By: Danielle Yanssens
As middle and high school educators for a virtual school, we are often frustrated when we try, and fail, to contact students. It is our policy for each teacher to contact their students at least once a week to ensure that they stay on track in their courses and to give the students an opportunity to ask questions. However, if the student simply won’t pick up the phone, how do we make that contact? We try emailing and messaging through our student information system, and some students will respond. However, the best way several of our teachers have been able to stay connected to their students is by texting. Your first response may be to say “that isn’t true communication, you can’t really connect with someone through a text.” But is that really true in today’s technology based world?
I took a look at my own personal experience with texting to evaluate whether I felt this was a quality way to communicate. My phone rarely rings, especially during business hours. I receive several texts a day from friends, family and co-workers though. Sometimes it is a quick message letting me know that my daughter’s practice was cancelled or a reminder to run an errand after work. Co-workers who aren’t in my building will often send detailed texts regarding an upcoming project or situation that needs handling. If I need more information, I will call them, but if not, I appreciate being able to address the message when I have time. I truly value text messages from my two teenage daughters. I think back to when I was a teenager, and cell phones were rare. I have access to what is going on in my daughters’ day, far more than my parents ever did, through text messaging. The ability to text definitely makes me feel more “connected” to family, friends and co-workers. Some may not see this as a quality type of communication, but as we continuously tell our teachers they need to find ways to “connect” with their students – if text messaging works, then why not use it? Below is an example of a text message between one of our teachers and a student. I would call that great communication, since this teacher wasn’t able to contact the student via phone or email all semester. It’s definitely better than no communication at all.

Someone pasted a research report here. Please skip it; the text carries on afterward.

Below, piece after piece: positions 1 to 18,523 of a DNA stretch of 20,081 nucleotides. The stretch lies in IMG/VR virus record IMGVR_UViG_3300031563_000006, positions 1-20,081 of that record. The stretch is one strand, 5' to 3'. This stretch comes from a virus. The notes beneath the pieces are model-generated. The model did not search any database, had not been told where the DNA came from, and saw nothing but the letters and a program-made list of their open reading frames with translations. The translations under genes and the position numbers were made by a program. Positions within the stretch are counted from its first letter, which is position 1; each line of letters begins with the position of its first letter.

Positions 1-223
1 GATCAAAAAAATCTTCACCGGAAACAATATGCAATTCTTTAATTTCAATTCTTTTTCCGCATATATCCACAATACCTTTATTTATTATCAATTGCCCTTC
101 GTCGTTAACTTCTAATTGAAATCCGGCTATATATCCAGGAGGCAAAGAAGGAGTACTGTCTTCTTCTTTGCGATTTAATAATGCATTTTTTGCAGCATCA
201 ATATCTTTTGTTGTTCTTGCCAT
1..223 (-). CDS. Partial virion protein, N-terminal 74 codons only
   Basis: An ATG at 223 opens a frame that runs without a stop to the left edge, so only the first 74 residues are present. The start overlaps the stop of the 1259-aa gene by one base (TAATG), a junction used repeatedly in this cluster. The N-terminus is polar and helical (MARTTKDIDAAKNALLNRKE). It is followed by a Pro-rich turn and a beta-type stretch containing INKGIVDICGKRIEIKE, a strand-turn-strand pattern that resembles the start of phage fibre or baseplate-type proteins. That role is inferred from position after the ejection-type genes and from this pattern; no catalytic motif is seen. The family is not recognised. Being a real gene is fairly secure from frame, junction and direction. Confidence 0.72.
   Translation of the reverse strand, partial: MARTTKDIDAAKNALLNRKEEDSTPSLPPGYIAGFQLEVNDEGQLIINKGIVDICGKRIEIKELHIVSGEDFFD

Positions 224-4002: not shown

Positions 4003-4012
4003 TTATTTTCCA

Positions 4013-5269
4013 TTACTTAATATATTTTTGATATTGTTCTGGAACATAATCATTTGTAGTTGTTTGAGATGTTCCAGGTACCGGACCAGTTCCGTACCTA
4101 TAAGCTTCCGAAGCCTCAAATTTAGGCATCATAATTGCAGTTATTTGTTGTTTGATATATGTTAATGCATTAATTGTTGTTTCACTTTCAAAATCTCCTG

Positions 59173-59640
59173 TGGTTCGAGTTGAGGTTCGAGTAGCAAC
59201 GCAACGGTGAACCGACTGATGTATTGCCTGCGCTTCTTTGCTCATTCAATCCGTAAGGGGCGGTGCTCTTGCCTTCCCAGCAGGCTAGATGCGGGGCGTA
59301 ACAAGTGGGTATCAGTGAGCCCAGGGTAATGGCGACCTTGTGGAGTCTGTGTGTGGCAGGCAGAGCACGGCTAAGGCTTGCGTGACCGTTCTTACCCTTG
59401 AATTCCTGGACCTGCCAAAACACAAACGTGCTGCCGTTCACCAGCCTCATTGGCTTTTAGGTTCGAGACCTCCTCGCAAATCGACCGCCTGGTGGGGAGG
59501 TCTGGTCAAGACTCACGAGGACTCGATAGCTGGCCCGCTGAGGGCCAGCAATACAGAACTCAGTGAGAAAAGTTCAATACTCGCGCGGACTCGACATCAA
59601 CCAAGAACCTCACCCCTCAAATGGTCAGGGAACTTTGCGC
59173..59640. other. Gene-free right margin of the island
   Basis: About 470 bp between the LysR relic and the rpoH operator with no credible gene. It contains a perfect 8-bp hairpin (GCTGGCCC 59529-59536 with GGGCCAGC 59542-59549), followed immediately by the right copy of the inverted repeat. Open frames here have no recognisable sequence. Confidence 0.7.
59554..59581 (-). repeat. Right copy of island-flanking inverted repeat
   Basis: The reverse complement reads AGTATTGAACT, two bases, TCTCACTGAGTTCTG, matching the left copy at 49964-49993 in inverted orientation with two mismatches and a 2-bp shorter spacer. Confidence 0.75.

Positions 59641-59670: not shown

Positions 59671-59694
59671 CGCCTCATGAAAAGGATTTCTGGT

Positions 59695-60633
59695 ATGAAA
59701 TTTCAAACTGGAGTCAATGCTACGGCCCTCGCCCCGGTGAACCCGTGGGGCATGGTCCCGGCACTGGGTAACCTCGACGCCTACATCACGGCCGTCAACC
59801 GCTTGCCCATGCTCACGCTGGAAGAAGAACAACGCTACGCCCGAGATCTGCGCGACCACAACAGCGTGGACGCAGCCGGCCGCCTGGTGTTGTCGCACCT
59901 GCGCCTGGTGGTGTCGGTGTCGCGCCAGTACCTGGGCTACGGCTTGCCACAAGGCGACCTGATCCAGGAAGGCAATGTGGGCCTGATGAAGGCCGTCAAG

Me: Hey Jennifer! This is Mr. D your math teacher! I’m worried about your progress!
You are only 6% done with my course and should be around 50%.
Is there anything I can do to help you get moving a little quicker?
I love math and love to help! Let me know please! Mr. D. 2:10 PM
Jennifer: Um could u send me a print out of the week by week pacing guide and I am having a really rough
time with fractions 2:12 PM
Me: You should have one in your folder with the rest of the math worksheets. I will try and send another one,
but you can always download it in schoology and just follow along! You wouldn’t need to print it out.
Do you have time to work a bit right now with me on the phone? 2:23 PM
Jennifer: Yes I do
Me: Okay, great! 🙂 2:34 PM
Me: Don’t forget…I’m here to help almost every day! Just need to ask! That’s what we do! 🙂 2:36 PM
Jennifer: Okay thank you 2:37 PM
Danielle Yanssens is in charge of Continuous Improvement for My Virtual Academy. Her organization also offers On-site Alternative Education programs, several free online learning options and credit recovery for students throughout the state of Michigan.